But will the next set of polls follow MORI?
The panel show the latest spread betting levels on the three main markets. There will be 650 seats next time so to ensure a majority a party will need 325.
As can be seen there is now something of a division between IG Index and PB’s co-sponsor, Sporting Index. It’s not often you see a gap as large as five seats in the Tory and Labour spreads between the two companies.
So if you want to “buy Labour” or “sell the Tories” the best place is Sporting Index. If you want to go the other way round try IG or Spreadfair – which is a betting exchange.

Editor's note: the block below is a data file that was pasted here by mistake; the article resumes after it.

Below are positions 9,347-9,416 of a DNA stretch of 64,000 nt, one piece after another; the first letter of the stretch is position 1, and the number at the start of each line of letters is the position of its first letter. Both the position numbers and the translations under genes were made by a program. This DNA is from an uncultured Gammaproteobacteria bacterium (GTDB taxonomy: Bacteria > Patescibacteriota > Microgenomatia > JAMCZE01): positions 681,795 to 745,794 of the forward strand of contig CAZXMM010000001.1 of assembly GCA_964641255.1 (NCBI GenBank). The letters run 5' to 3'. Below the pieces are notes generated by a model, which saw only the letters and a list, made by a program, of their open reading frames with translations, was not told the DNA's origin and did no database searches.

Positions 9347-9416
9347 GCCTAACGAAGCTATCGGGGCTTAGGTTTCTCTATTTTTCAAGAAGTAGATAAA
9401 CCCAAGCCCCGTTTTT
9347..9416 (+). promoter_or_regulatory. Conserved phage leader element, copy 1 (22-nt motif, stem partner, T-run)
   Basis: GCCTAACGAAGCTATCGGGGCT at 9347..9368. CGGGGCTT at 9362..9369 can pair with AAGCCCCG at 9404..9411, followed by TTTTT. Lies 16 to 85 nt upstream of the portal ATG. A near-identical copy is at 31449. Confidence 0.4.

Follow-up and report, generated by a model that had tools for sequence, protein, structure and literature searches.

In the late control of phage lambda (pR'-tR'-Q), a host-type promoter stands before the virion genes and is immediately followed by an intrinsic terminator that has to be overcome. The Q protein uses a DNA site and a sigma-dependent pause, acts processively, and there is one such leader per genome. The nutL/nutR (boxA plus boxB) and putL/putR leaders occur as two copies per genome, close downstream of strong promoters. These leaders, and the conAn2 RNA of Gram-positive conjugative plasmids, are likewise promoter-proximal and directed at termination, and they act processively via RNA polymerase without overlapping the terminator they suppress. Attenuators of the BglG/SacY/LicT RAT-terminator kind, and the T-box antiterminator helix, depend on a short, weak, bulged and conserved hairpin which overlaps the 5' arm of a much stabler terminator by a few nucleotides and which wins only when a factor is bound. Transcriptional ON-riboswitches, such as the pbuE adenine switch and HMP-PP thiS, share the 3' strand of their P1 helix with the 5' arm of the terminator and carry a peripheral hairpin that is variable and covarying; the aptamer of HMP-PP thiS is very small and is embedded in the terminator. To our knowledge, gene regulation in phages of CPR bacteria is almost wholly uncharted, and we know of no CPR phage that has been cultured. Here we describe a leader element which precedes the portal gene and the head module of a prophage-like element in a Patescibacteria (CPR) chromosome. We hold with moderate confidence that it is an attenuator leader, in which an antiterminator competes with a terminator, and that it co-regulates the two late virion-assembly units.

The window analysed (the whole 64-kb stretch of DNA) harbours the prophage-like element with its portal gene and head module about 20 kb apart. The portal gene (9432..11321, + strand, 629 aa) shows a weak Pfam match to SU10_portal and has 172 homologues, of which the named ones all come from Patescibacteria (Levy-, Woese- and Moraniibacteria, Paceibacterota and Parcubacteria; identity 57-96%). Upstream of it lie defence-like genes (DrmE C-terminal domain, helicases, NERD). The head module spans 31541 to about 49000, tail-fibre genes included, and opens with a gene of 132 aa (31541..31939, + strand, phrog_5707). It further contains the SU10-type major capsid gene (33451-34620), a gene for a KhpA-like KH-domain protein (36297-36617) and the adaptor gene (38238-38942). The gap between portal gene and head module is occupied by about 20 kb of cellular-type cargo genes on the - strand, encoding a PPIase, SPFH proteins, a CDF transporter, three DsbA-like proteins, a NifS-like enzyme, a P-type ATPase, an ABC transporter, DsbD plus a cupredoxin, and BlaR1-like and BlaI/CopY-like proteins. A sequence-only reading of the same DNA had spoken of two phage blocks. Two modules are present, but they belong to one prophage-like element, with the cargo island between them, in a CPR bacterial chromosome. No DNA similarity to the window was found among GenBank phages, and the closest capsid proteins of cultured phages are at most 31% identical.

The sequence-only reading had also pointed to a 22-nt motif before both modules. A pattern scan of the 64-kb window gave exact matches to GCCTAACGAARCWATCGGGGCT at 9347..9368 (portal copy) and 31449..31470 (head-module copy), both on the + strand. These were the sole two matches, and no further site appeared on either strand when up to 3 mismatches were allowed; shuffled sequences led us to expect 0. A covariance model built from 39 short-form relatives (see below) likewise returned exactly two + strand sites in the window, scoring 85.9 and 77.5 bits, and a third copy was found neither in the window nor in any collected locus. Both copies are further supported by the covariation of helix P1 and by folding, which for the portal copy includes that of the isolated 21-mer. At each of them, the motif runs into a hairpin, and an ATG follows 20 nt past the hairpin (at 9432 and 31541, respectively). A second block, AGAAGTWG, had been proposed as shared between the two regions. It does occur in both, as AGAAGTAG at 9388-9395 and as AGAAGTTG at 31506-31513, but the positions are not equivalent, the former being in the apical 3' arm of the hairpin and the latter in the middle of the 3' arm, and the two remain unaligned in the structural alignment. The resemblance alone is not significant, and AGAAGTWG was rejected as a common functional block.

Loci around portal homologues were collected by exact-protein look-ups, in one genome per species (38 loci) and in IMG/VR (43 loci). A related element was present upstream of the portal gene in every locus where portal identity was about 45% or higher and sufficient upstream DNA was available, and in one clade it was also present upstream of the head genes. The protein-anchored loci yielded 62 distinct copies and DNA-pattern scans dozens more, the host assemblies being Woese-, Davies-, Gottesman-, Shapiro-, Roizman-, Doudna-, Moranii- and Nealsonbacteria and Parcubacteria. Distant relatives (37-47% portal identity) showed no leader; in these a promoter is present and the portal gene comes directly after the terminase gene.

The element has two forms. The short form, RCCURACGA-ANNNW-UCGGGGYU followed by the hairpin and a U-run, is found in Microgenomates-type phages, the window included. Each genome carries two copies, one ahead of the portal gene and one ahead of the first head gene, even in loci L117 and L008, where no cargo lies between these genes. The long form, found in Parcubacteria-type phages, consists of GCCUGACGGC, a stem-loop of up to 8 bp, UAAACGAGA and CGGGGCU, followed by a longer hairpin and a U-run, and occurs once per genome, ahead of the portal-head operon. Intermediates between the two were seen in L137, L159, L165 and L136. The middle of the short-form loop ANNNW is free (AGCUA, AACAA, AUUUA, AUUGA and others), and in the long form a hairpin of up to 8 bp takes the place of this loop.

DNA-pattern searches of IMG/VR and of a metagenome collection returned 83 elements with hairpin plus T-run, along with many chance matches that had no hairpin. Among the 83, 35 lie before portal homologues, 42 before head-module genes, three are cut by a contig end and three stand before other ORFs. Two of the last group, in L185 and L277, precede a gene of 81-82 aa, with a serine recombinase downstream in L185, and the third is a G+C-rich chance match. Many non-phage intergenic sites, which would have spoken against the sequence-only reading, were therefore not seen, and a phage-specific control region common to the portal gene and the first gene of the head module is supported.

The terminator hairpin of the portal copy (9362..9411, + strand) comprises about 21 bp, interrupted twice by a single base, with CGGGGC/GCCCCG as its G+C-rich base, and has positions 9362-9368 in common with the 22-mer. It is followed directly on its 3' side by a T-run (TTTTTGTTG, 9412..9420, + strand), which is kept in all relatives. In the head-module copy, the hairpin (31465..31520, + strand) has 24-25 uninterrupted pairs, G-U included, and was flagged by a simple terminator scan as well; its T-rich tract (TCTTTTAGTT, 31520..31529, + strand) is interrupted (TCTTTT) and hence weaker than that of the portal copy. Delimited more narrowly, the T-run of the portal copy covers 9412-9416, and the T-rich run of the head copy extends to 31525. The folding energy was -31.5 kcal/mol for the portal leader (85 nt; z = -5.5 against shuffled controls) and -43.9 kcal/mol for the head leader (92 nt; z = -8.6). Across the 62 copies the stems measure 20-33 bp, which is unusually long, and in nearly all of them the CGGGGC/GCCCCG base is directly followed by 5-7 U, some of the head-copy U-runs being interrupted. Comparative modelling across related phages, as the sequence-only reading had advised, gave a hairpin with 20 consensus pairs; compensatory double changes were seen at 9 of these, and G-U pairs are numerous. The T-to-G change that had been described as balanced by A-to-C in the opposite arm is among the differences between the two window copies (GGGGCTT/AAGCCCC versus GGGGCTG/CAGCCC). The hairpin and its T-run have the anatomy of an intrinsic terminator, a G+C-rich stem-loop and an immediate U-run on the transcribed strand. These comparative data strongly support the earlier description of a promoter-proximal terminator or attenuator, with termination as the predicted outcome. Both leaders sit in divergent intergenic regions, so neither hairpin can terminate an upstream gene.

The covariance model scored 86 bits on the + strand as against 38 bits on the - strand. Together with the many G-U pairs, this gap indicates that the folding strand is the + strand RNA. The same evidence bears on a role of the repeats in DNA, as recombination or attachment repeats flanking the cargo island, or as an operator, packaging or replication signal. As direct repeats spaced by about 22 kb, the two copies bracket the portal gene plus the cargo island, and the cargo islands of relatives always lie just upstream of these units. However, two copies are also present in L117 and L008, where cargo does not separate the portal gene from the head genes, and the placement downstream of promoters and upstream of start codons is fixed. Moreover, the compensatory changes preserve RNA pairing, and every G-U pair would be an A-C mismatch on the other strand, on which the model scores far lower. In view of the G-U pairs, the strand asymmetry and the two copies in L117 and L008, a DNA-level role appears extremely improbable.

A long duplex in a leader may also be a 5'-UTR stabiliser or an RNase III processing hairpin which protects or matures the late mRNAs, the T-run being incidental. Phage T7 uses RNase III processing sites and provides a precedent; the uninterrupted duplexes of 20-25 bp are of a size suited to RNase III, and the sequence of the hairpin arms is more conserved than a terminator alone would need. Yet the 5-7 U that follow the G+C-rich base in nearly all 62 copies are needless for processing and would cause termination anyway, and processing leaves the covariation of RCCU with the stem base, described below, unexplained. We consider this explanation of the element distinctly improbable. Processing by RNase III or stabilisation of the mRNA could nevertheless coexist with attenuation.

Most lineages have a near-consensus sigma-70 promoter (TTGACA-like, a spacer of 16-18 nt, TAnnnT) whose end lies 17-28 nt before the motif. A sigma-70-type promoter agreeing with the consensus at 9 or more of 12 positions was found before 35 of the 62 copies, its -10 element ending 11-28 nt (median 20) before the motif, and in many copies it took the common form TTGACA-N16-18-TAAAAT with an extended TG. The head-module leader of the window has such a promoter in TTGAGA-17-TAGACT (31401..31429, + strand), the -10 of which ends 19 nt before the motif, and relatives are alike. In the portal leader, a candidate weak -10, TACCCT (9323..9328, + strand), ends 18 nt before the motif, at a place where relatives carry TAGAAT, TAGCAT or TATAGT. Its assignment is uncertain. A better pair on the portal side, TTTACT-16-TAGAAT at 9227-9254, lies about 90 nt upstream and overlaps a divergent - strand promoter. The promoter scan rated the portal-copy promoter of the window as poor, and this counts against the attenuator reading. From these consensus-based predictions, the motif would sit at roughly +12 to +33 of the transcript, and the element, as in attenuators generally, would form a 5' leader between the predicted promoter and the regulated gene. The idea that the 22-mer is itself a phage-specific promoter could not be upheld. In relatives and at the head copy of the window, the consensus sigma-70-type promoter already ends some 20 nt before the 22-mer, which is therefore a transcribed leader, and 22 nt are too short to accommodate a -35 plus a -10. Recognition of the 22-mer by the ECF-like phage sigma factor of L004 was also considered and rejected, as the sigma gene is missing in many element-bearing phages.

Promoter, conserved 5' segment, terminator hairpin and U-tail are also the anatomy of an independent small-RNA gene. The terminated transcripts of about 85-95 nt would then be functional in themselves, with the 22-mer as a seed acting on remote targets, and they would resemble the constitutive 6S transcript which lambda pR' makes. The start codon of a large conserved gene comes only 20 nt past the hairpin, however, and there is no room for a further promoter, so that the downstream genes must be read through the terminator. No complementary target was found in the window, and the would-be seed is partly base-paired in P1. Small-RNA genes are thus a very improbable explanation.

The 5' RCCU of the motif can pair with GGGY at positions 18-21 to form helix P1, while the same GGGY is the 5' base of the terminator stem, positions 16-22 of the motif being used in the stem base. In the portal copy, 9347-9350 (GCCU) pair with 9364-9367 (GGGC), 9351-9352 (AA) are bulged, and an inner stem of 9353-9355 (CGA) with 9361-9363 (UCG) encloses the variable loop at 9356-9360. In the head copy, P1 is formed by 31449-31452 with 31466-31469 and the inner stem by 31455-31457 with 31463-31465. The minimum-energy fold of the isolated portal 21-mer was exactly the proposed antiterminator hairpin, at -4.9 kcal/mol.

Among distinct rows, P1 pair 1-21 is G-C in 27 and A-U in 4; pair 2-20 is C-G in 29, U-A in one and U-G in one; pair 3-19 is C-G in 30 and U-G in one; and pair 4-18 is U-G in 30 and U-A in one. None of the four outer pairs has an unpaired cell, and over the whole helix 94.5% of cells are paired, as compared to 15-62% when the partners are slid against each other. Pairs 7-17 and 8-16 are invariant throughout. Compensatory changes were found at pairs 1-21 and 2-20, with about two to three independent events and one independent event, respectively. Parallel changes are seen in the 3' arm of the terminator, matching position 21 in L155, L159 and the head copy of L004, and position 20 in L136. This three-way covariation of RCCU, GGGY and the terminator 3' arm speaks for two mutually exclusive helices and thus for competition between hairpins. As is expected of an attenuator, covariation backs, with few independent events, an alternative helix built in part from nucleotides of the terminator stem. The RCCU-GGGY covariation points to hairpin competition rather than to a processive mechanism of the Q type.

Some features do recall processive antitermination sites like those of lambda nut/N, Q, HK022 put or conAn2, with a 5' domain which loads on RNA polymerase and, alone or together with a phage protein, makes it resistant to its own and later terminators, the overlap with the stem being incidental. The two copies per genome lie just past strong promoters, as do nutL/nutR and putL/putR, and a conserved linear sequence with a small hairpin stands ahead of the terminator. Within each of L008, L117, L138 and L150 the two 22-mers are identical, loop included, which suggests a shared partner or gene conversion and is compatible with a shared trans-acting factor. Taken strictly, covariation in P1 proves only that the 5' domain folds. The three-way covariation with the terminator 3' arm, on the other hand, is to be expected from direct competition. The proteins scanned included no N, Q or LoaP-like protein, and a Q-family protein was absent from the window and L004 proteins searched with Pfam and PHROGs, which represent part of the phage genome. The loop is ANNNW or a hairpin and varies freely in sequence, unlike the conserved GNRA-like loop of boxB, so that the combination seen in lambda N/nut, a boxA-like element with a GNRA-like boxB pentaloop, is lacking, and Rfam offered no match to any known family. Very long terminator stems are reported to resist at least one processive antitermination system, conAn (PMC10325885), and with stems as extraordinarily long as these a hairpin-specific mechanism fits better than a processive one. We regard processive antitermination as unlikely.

Generally these differences shake themselves out over time – but it’s just that at the moment IG seems to be attracting more money on Labour.
In the short-term everything depends on the next round of polling. We might get some surveys this weekend while next week we should see ComRes, ICM and YouGov.
A question punters are asking is about the extent that they can have faith in MORI – the pollster that always seems to show the extremes. In September 2007 it had the biggest Labour leads, in September 2008 it was the only pollster to put the Tories over 50%, and this week it recorded the smallest Tory lead six months.